A couple of years ago I wrote a column—“Getting a Little Personal”—about activity and exercise being a proven path for dealing with the changes that living a full life gives us. I’ve had so many positive responses to that column—a lady making a career change, a friend going through divorce, someone who had a serious accident, someone who barely dodged a frightening health diagnosis. Because of these, I’m going to revisit the theme.
While we obviously can’t avoid changes, whether they’re positive choices we make or ones thrust upon us, we do have control over how we address them. We all make choices that require new activities, friends, occupations, lifestyles…and we all have choices made for us. Either way, change is opportunity. Whether we initially see the new doors opening or not, they are.
Let’s say you’ve decided to change careers. The change will hopefully be for the best in the long term, but for a while it’s going to be disruptive and maybe a little overwhelming.
For those reading who aren’t feeling positive about your recent changes, remember that patience and the capacity to adapt are essential survival skills. And it’s doubtful this is the last time you’ll need them. None of us control our environment. The new situation, whether you can see it yet or not, has at least a 50/50 chance of offering improvement in some areas of your life.
What we have to do is take what we’ve gathered and learned and move forward. The key word in the previous sentence is move. Moving more is the antidote to the effects of our abundant, plentiful, sedentary, overweight society. And there’s no better time than when in the midst of change.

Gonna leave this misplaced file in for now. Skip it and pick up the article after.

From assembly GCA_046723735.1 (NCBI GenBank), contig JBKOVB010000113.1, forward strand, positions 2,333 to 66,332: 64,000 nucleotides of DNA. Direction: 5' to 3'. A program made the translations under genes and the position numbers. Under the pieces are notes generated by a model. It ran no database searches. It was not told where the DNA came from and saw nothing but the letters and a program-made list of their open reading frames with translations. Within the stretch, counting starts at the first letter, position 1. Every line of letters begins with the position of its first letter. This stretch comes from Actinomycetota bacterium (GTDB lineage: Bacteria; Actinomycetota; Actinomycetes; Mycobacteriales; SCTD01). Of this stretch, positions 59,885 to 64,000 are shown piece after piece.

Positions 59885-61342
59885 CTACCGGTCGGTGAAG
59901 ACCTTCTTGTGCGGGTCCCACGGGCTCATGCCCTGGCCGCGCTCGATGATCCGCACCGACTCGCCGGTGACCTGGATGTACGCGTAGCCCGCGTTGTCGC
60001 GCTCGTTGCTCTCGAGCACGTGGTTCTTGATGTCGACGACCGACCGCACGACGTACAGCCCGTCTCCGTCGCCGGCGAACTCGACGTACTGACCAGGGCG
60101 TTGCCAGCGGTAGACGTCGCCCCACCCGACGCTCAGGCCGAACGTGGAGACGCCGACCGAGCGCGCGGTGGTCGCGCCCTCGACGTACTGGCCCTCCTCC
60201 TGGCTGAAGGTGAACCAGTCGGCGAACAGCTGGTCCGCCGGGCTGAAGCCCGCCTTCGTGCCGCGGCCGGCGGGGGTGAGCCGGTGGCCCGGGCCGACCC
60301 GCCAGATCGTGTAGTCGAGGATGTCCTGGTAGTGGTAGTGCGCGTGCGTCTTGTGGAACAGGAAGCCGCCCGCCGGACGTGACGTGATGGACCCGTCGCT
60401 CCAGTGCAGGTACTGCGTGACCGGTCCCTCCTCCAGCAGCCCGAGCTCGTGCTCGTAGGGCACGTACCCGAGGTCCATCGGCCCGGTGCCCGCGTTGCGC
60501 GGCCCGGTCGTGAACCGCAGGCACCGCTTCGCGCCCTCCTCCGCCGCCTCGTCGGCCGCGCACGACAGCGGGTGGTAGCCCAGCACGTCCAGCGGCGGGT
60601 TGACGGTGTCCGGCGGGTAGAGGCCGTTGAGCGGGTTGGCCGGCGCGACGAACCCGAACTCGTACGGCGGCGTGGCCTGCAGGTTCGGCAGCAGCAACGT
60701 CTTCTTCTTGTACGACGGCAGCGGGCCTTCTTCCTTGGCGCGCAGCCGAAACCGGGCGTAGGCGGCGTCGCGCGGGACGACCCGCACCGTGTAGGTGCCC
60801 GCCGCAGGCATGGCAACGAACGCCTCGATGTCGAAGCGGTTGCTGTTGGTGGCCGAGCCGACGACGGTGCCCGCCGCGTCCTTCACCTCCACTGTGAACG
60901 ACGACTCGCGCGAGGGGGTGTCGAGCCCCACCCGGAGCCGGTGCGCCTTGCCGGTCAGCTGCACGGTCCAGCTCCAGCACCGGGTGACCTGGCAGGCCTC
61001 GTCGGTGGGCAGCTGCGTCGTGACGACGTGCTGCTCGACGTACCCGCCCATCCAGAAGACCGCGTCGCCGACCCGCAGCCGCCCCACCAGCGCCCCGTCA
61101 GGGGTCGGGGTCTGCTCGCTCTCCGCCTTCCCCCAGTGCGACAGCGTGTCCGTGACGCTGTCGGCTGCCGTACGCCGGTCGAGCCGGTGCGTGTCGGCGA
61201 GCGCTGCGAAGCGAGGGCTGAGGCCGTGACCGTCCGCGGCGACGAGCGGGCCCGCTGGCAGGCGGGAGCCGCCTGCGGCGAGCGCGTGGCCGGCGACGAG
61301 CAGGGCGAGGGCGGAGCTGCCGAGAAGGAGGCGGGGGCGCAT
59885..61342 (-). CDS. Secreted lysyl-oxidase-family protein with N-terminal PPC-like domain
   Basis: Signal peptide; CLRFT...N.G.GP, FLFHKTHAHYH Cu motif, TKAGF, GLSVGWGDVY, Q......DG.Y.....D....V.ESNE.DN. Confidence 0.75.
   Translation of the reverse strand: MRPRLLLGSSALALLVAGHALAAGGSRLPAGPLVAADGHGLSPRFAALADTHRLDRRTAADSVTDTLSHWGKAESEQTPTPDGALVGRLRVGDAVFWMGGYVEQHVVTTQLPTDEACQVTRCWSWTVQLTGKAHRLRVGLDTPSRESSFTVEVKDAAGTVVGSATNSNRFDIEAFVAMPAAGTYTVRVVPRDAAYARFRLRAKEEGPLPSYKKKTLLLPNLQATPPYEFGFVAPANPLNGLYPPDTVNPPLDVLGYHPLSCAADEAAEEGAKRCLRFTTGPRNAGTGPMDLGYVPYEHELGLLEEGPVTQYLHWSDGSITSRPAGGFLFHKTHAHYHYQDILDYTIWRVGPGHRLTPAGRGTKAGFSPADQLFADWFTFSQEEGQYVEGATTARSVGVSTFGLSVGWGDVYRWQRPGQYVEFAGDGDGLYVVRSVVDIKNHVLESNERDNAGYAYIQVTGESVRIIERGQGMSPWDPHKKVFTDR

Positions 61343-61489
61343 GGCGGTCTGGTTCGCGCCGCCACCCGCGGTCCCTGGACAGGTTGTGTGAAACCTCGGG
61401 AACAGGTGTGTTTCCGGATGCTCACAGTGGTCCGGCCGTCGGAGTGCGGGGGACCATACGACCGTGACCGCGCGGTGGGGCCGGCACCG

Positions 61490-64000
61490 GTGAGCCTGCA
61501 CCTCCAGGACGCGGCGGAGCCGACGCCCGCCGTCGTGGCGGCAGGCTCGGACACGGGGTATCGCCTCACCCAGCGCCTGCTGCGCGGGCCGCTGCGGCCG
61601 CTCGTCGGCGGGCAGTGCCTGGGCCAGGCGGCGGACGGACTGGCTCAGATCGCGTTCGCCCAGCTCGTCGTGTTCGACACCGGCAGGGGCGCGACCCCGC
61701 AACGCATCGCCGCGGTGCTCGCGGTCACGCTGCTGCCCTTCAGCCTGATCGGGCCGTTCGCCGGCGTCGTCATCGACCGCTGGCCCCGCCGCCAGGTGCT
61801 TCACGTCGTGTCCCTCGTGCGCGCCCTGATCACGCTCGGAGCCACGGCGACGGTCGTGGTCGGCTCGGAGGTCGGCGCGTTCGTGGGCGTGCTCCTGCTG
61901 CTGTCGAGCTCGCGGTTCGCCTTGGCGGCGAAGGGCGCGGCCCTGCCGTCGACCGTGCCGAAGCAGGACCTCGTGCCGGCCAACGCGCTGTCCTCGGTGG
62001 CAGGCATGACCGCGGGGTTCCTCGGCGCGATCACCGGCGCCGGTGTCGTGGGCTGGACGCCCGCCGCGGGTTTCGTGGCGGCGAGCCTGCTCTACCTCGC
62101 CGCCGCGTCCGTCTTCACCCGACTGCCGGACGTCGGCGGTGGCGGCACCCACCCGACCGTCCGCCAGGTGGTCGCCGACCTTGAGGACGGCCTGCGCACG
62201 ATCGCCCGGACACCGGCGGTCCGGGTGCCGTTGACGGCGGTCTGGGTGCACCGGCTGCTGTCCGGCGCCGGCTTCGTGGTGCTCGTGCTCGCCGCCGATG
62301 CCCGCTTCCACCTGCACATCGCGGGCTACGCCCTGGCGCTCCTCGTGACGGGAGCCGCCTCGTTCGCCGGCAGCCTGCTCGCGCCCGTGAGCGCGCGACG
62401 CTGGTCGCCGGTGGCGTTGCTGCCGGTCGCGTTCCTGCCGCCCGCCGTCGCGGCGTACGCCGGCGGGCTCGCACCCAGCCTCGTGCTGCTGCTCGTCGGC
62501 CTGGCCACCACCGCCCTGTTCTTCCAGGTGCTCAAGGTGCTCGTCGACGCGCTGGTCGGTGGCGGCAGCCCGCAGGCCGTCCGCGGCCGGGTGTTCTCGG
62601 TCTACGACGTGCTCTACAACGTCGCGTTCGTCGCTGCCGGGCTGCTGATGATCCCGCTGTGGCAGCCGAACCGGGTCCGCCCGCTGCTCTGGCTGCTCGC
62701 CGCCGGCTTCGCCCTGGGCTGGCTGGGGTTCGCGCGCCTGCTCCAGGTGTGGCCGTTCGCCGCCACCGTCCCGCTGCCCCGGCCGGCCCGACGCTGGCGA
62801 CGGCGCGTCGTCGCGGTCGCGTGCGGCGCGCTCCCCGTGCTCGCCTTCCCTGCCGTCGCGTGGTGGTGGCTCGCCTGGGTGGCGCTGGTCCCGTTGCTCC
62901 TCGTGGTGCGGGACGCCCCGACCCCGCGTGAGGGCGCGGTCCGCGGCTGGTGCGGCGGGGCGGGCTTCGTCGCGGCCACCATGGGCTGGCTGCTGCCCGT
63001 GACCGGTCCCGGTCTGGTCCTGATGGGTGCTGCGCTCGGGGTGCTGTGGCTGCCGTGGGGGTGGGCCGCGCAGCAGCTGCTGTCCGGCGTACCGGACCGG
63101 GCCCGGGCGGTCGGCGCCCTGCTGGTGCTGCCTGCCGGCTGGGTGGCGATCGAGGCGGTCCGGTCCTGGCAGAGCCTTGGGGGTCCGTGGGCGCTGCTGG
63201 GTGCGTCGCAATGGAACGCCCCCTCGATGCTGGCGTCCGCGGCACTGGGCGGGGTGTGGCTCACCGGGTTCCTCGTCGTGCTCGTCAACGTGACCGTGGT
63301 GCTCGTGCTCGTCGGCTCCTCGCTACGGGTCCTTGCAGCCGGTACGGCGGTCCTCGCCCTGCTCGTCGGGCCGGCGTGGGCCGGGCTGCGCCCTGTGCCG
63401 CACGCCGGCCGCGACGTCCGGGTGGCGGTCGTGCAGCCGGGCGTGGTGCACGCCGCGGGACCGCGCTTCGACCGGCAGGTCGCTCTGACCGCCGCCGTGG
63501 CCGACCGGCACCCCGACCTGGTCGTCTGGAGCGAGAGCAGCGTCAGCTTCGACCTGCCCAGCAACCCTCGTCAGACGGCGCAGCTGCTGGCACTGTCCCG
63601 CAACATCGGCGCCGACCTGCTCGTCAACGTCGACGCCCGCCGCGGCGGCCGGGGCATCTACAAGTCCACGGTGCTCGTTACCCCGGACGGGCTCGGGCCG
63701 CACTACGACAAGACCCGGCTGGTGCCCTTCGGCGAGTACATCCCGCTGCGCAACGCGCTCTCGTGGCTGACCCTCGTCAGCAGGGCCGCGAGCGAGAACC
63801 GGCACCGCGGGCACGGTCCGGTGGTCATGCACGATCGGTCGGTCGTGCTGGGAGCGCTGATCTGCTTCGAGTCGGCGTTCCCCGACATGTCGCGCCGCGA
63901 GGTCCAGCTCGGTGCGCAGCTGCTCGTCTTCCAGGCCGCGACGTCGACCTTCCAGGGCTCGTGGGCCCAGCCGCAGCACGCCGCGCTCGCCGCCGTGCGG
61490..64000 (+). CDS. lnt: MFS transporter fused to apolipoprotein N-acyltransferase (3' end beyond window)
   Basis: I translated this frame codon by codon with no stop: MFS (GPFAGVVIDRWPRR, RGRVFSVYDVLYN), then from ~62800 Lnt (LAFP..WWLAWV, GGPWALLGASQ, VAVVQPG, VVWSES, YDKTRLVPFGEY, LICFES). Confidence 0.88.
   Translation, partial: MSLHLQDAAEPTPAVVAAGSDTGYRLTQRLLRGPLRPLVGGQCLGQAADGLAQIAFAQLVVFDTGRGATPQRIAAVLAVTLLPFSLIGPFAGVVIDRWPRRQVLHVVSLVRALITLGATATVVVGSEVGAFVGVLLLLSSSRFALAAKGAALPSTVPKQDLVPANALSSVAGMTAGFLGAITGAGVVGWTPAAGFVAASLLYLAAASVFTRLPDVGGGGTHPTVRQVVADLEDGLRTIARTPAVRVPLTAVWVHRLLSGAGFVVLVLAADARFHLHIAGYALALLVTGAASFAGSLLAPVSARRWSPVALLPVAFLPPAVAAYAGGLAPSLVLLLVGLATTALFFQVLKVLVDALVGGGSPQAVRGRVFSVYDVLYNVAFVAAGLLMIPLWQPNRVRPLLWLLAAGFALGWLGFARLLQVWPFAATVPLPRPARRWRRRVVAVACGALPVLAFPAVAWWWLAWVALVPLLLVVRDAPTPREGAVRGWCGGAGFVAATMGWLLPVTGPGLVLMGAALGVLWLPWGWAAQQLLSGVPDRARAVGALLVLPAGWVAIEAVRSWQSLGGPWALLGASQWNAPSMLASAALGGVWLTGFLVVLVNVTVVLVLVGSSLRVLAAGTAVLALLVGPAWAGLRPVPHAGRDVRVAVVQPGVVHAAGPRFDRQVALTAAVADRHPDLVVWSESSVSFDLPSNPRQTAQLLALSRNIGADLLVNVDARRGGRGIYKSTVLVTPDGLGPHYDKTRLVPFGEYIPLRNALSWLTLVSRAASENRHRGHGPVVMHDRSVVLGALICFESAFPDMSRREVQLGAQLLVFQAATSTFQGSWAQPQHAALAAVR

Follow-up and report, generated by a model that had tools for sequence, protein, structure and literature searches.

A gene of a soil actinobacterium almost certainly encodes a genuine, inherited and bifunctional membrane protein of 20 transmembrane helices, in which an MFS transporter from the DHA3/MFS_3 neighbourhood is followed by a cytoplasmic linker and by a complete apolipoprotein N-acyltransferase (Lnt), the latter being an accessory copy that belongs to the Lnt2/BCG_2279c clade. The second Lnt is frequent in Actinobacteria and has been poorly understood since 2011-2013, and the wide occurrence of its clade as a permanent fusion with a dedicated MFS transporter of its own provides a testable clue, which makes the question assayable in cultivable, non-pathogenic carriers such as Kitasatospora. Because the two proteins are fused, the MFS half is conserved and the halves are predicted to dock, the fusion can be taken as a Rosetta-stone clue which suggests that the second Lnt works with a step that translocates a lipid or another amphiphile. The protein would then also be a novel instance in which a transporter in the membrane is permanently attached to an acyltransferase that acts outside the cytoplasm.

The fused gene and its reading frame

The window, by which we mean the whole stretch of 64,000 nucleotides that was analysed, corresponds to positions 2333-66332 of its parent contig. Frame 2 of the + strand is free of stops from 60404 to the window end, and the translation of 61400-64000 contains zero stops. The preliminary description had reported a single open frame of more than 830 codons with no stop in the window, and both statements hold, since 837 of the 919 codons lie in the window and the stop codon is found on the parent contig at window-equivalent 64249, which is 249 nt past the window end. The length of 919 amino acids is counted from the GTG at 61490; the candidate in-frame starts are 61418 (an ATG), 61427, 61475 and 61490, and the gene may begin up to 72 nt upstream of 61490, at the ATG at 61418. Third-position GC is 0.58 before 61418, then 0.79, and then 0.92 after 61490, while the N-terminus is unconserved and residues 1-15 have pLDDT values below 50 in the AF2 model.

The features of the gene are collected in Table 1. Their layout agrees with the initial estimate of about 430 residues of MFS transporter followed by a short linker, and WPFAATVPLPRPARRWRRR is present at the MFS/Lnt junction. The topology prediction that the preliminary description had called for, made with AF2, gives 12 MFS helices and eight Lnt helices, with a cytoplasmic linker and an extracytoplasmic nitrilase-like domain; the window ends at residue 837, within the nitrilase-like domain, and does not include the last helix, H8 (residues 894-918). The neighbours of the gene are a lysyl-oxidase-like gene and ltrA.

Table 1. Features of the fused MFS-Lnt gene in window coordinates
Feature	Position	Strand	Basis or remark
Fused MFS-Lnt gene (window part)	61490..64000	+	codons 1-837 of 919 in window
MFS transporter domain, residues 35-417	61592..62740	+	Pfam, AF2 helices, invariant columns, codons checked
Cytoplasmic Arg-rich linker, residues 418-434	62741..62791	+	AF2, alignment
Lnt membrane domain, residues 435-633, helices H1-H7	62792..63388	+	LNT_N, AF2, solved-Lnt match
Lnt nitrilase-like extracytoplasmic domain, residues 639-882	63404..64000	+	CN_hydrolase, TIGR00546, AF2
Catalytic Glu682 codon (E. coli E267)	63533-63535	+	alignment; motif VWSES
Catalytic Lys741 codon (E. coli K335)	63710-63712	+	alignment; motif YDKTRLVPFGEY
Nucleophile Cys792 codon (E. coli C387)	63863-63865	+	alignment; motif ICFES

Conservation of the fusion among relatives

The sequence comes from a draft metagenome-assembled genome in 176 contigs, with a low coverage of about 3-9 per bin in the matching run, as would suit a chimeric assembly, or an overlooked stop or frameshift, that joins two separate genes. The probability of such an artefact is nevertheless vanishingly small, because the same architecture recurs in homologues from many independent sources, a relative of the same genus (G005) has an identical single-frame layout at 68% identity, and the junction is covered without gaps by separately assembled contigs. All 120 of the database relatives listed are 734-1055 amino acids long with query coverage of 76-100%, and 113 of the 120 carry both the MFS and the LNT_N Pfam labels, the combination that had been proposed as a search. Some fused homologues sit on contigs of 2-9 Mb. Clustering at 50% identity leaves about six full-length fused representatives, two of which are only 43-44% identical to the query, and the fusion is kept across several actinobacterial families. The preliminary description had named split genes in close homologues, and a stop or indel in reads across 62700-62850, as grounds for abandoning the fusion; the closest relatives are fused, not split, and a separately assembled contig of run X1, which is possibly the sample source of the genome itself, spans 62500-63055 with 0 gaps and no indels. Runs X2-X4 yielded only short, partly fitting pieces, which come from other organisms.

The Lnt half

I’m suggesting, literally, that you move. Go for a walk. Better yet, commit to a daily walk. This is a great time to get all that sugar—which lifts you up and then crashes you down—out of your daily life. Burn it walking. Get your blood pumping a bit, your endorphins flowing and, by definition, (this isn’t theory, this is a physiological fact) you will feel better.
Does this require self discipline? Just about everything of value requires self discipline. But this? Not as much as you may think. Only two minutes a day for a month. Huh? Put on whatever you want to wear to walk, go out your door and walk for one minute, turn around, walk back. Every day for a month. By the end of a month your body will want more and self discipline won’t be an issue. Boredom and pointless activity may be screaming at you but you’ve put self discipline behind you. Self discipline is a lot like a muscle. Exercise it, safely under control, and it becomes stronger. Neglect it, and the by-products of inactivity are much worse.
Think of self discipline as equal parts self motivation (do something, move…) and self denial (don’t drink more alcohol, don’t eat more sugar…). My experience says most people are stronger in one of those halves. Plan accordingly.
If just one person comes up to me next month or a year from now and says my little column helped them through a rough spot, I’ll be the Thankful One. You will benefit if you use change to get you started on a healthier lifestyle. This is the best time to make new priorities. Just take a step.